Yearly raptor closures typically begin March 1 and remain in effect until August 1, or until further notice.
East of Glacier Point Apron. Closure includes all routes above 200 feet from the base of the cliff east of Glacier Point Apron including "A Mother's Lament" to the Illilouette Gorge. Half Dome, South Face - Overlooking Little Yosemite Valley. Closure includes all routes from "Autobahn" east to and including "South Face Route."
The following areas are closed to all visitor use to protect peregrine falcon aeries from March 1 until August 1 of each year or until the young falcons of the current year have fledged: Fifi Buttress Immediately west of Leaning Tower. Closure includes all routes on Fifi Buttress.
This information is a public crowdsourcing effort between the Access Fund,
and Mountain Project. You should confirm closures, restrictions, and/or related dates.
Often times people belay at the bolted anchor at the top of the first pitch. It is better to go up the easy ramp to the base of the roof near the dead tree and belay instead. Doing this frees up that anchor for toproping the bolted route to the left of harry daley, and it also allows people to rap from the anchor on the way down from the top of harry daley.
The variety of cracks- fingers, hands, fists, a traverse, all in short sections of 20 feet or so,- and the roof pull on solid pro and jams make this route an absolute joy. At two short pitches it is not too much of a commitment, either, short enough to keep things fun and enjoyable. A great climb! Belaying from the tree is recommended, even comfortable. Two ropes to rappel, 60m ropes will get you down to the first 3rd class bench from the chain anchors. The 10b slab climb to the left of the route (Variation on a Theme) is an enjoyable and challenging toprope from same anchors.
By Chris Owen Administrator From: La Crescenta and Big Bear Lake Sep 20, 2009 rating: 5.85b16VI-HVS 4c
Second pitch is a lot of fun.
"Class 3" approach could mess with some people's heads, especially the descent.
Rapped with two 60m ropes. From the first bolt anchor these got us to a ledge about 20' below the starting ledge, which made the descent more casual .. class 2-ish. If the initial scrambling wigs you out there are usually rap slings off a bush on the right side of the starting ledge.
Classic line, really glad we did this one. I agree, though, that last section of the approach around the base blocks felt a bit sketchy for Class 3. Might be easier to keep left a bit at the rock base, and use switchbacks until you're almost directly under the start of the climb.
For reference, I'm 6' and a solid 5.7/5.8 leader with about 100 pitches of trad under my belt all-time.
Definitely felt like the crux was the leftward traverse on P1. Analyze where your pro will be on this section ahead of time, as it's a critical spot to protect you and your follower and there aren't a ton of placement options. Climbing this in April, though our route was dry, the friction feet were still not 100% dry on the rock, making this section feel committing. That said, I committed and had no problem getting through it traversing hands on the small crack and using friction feet on the face. I later saw another climber put feet in the crack and use undercling hands in the same crack as well for this part, which looks like it might have felt easier (though probably would have made the pro more awkward).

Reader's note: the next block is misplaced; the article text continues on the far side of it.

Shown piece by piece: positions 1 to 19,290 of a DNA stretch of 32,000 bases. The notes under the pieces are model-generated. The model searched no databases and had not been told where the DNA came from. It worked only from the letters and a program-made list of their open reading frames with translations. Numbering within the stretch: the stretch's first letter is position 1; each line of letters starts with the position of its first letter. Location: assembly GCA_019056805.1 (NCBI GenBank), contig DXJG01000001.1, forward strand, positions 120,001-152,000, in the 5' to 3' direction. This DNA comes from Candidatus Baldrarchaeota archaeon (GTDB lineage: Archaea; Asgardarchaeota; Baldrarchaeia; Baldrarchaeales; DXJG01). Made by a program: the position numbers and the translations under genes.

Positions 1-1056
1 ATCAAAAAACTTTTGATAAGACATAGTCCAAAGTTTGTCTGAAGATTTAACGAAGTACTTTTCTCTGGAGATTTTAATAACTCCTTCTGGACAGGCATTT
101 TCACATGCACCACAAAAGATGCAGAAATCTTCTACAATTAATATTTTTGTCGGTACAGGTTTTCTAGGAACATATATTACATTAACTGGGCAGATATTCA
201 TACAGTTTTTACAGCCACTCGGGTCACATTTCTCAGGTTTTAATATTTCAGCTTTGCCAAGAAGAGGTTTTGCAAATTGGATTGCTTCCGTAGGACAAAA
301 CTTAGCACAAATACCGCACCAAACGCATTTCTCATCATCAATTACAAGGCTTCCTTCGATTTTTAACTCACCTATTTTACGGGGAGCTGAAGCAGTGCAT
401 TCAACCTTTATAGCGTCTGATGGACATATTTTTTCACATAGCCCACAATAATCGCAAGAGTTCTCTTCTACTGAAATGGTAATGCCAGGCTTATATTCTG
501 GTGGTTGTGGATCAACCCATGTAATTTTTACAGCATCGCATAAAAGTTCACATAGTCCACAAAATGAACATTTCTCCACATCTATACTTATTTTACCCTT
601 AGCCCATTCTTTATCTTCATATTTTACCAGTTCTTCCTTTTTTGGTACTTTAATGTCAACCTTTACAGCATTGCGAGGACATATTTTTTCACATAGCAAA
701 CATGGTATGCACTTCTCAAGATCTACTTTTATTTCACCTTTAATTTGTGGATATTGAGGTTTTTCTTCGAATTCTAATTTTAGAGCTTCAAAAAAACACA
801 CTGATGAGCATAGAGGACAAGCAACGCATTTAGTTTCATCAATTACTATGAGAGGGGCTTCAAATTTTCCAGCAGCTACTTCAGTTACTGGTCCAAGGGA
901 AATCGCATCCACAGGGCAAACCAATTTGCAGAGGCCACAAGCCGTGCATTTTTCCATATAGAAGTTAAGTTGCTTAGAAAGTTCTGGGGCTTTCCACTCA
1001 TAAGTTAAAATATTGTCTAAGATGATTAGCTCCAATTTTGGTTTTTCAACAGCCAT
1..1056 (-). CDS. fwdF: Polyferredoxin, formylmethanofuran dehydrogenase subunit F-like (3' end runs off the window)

After the traverse on P1, if you've got big hands you'll be treated to an all-too-short splitter crack, followed by the aforementioned tree belay (good idea).
For P2, I found the roof move right above the tree to be easy with my big hand jams, but my 5'2" female partner with small hands had quite a bit more difficulty with it. In either case, it's short and the rest of the climb offers nice slab moves and great pro opportunities.
I find the easiest way to do the traverse on the first pitch is to plug in a solid piece and then stand up on the little ledge. Walk across it. Hands on the blank face for balance. It's only a few moves left and there are big pockets for your feet. Forget the pro! Just go for it. It's easy and it would be scarier having to stop and place gear. Also, regarding the above comment about the second pitch. I would say that after the roof the rest of the climb offers sweet 5.7/5.8 crack climbing. Not much slab. I've never thought the 3rd class approach was any big deal. Pretty standard stuff.
Like a stepped-up version of The Grack. I thought the opening moves were the crux.
By Weston L From: Summerlin, NV May 24, 2012 rating: 5.85b16VI-HVS 4c
Climbed this last October. Fun cruise, don't miss out on the short but sweet Chouinard Crack after P1 (it's the fun-looking thing that goes left, very easy and very fun). Casual cruise, with some entertainment provided on the section where you walk the crack. Just laugh while you're up there and think of it like walking the plank, only different.
We approached from the right into the rotten corner up to the bush/tree with tat. I do not recommend this, despite what supertopo shows. Here's a better route: scramble up to the first ledge by the dead tree. Next, move left along the ledge until you see some nice slab/scramble moves on better rock closer to the base of the climb.
Also, for descent, you can rappel on two 60 meter ropes from the first anchors down to that first ledge. Traverse west to the dead tree and scramble down.
P1 was great! Unfortunately I had to bail from the end of it because it was getting dark.
As some others mentioned, I'd recommend plugging a cam into the traverse crack before stepping into it. It's pretty easy to stand on it and shimmy across, but it'd be awkward to place gear once you've stood already. I didn't think about this beforehand, and it felt sketchy to bend down and do it once I was on the ledge, so I ended up running it out to the anchor to avoid rope drag, which was a very stupid decision in retrospect.